The book of Hosea contrasts God’s faithfulness to Israel’s faithlessness. In the first three chapters, Hosea introduces the reader to Israel’s infidelity to their Suzerain (Ruler) God who entered into a covenant with Him, and spelled out the path they could take that would lead to great blessing. God’s covenant with Israel can be viewed as a marital contract. By using Hosea’s own marriage to his unfaithful wife, Gomer, God demonstrated that Israel is an unfaithful covenant partner. Israel had broken her vows to her Covenant Husband.
Throughout the rest of Hosea, Israel’s condition is described as disobedient, rebellious, and idolatrous. As God had warned, Israel’s adoption of pagan principles of self-indulgence led to exploitation, deception, and violence (Hosea 4:2). The people of Israel stood in need of repentance and genuine righteousness. Hosea called them to repentance, but Israel declined.
Israel spent years sowing to its own destruction, making and breaking alliances with the world’s superpowers at the time, Egypt and Assyria, dealing treacherously. Hosea describes Israel as acting like a “silly dove” flitting from one nation to the other, rather than turning to God for protection (Hosea 7:11). Thus Assyria will come and put Israel into exile, which God will use as a way of punishing Israel for its infidelity to its covenant with God (Hosea 11:5).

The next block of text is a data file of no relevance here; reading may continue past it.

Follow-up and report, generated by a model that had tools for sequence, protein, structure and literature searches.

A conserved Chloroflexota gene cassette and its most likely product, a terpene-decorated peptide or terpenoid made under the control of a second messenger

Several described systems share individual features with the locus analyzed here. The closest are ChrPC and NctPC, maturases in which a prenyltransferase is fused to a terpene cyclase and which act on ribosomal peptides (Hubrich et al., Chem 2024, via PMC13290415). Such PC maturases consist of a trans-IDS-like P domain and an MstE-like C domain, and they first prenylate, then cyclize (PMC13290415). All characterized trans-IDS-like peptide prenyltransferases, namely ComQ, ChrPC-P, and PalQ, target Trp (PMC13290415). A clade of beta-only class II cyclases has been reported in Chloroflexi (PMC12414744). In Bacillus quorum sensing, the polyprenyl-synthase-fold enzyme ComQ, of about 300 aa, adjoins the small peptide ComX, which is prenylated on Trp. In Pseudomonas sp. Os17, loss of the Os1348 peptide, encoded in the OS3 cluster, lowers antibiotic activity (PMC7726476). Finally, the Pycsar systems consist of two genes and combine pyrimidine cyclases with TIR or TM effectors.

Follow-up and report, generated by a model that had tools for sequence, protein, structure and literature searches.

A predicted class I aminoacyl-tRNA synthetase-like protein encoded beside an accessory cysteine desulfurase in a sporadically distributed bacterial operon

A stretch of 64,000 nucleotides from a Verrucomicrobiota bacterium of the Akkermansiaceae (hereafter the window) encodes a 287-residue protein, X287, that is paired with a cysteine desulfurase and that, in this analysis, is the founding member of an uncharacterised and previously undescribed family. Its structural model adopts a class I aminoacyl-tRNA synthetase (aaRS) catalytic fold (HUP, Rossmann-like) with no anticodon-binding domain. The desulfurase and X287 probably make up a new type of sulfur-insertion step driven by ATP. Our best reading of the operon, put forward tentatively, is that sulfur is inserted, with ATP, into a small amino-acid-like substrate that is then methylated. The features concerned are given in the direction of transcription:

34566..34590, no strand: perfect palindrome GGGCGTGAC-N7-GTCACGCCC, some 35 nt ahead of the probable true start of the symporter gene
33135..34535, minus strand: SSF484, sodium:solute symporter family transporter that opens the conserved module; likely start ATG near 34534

Through it all, however, the book offers hope to Israel. For although the Suzerain God invoked the discipline provisions of their covenant contract with Him, resulting in them being wounded grievously, in the end times He will heal them, revive them, and restore their blessings (Hosea 2:20, 14:7). May all who read this book find comfort and hope in the steadfast love and faithfulness of God!
Hosea 14 begins with a final call to repentance in which the prophet provides a model of prayer for idolatrous Israel to use as they confess their sins. Following the prayer of repentance, the LORD turns away from His anger, restores Israel, and showers them with His unfailing love. Restored to their land, revived, and regenerated, the Israelites will serve the LORD forever and will no longer practice idolatry. The chapter ends on an instructive note, urging anyone reading the book to live wisely by obeying God’s commandments. The chapter’s division is as follows: